Get Informed & Be Heard.
As some will know from November 2011 funding for mental health changed radically in Australia. Unfortunately, this change was for the worse in my opinion. The is certainly so for the eating disorders sector.
Before November 1st, 2011, patients were eligible for 12 sessions of therapy which would be subsidised under Medicare. For patients with “special circumstances” another 6 sessions could be accessed. Patients with eating disorders were usually granted the “special circumstances” sessions and so, in effect received 18 sessions subsidised by the government. Sessions were not fully covered and patients still paid around $80 - $100 per session out of pocket. After 18 sessions all fees for treatment became out of pocket as psychological therapy is poorly covered by private health funds (although massages and running shoes are).
Public disquiet with this decision led to a Senate enquiry. The chair of that committee, Senator Penny Wright of the Greens, prepared a majority report calling for the changes to be held off until a suitable replacement for funding can be found. However, this report was not tabled until after November 2011 and the changes have already taken place. I understand that Senator Wright has tabled a private members bill to reverse the changes and that this will be debated in February 2012.
In my role with the Australia and New Zealand Academy for Eating Disorders, I had the opportunity to meet with the Minister for Mental Health Mark Butler on two occasions. On both occasions it was at the invitation of The Butterfly Foundation, Australia’s leading eating disorder patient advocate group. I do believe that Minister Butler was unaware of the “unintended consequences” of the decision on patients with eating disorders.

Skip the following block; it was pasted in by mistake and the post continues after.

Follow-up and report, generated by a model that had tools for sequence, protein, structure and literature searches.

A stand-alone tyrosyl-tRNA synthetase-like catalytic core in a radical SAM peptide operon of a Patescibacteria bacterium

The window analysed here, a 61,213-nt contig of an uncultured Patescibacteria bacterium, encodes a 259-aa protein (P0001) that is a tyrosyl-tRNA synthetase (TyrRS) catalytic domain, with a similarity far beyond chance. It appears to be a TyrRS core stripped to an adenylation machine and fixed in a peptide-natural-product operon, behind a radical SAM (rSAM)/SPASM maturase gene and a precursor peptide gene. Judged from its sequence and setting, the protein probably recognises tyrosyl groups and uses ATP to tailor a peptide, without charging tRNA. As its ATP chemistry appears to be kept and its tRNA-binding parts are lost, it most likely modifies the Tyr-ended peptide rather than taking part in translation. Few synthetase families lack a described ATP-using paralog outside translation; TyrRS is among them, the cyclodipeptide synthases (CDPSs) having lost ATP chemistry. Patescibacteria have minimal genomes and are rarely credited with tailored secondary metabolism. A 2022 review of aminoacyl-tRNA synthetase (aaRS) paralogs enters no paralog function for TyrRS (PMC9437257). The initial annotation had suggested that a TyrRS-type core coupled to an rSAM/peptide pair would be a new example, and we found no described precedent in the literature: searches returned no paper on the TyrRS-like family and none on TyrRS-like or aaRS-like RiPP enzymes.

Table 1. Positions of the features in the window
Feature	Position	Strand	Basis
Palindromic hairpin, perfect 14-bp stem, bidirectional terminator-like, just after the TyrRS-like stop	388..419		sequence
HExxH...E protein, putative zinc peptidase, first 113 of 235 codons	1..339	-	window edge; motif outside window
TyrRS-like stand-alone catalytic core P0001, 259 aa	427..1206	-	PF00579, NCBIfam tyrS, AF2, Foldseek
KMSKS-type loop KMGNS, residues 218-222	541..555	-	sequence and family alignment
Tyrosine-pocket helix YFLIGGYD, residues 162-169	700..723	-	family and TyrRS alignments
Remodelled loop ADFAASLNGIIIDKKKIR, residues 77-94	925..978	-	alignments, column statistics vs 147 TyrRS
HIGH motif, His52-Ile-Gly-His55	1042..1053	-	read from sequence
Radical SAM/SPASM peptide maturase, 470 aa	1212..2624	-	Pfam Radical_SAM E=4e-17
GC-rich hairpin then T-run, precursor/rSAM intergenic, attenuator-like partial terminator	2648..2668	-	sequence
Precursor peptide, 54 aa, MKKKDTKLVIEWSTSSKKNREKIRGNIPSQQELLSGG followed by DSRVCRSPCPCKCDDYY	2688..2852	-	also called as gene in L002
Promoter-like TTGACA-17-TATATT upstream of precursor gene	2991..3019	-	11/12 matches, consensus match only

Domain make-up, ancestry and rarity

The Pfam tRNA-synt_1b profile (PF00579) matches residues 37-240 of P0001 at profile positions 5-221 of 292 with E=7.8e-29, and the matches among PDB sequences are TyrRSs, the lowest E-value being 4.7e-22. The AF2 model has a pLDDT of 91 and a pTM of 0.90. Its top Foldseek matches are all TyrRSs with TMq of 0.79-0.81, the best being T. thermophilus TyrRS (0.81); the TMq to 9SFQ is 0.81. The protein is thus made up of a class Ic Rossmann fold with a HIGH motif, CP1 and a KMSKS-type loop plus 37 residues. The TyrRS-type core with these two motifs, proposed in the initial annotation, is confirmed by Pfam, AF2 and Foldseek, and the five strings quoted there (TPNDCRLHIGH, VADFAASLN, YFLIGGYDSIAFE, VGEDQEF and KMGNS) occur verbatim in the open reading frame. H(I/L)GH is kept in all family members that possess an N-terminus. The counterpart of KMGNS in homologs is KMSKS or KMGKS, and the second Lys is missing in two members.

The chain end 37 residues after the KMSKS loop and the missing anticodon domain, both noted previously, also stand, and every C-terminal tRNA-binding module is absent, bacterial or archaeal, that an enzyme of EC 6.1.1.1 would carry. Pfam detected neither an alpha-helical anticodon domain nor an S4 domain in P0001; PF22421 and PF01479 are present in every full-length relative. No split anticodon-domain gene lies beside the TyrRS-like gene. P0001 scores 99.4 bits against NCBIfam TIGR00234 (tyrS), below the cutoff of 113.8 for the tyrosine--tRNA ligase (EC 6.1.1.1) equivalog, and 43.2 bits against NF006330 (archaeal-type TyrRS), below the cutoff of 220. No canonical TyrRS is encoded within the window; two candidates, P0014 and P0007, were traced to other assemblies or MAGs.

In meeting with the Minister it is clear to me that a combined consumer/practitioner voice is the most important way to effect political change. The role of consumers (which is not a great term but it is the one politicians have become accustomed to) is of utmost importance.
Here are some things you could do:
- Get informed.
A sad reflection of the media and my own professional bodies is that the majority of information available comes through activist groups on social media outlets. Such sources are biased in a direction of reverse the cuts, but I’m not pretending to be balanced in this argument. Twitter and Facebook has led to a few regime changes recently so social media is not a bad thing. The best fb page i have come across is
The also have a website at http://www.betteraccess.net/
The Australian Psychological Society also has some information of use in their “news” section at: http://www.psychology.org.au/
2. Be Heard
You can join social media campaigns by joining http://www.facebook.com/groups/GetBOMHC/
You can raise the issue on Twitter if you have an account. Some members are engaging in a 30 tweets to Minister Butler in 30 days campaign.
You can sign an online petition at http://www.gopetition.com/petitions/better-access-to-psychologists.html
You can vote on http://suggest.getup.org.au/forums/60819-campaign-ideas/suggestions/1833821-better-access-to-psychologists to raise the profile of this issue.
Most importantly you can write to the politicians. You should write two letters. The first should be to your local member, asking them to raise the issue with Minister Butler. The second is to Minister Butler himself.
http://www.betteraccess.net/index.php/take-action/stop gives you lists of your local members and Minister Butlers address.
http://www.psyber.net.au/index.php/media/57-articles/1623-tell-the-minister has some sample letters that you might want to copy points from.
The letters don’t need to be long. They DO need to be hand written. My information from the Department of Health and Aging tells me that handwritten letters are far more effective in getting a politicians ear that computer generated ones.
I’m posting this because of the importance of this issue. The government has unintentionally raised an unacceptable barrier to effective treatment. I’ll write more on the issue in later blogs with information specific to eating disorders. We have until February to take some effective action so we need to move now.
Please post any feedback or comments either on the Facebook page or on the website.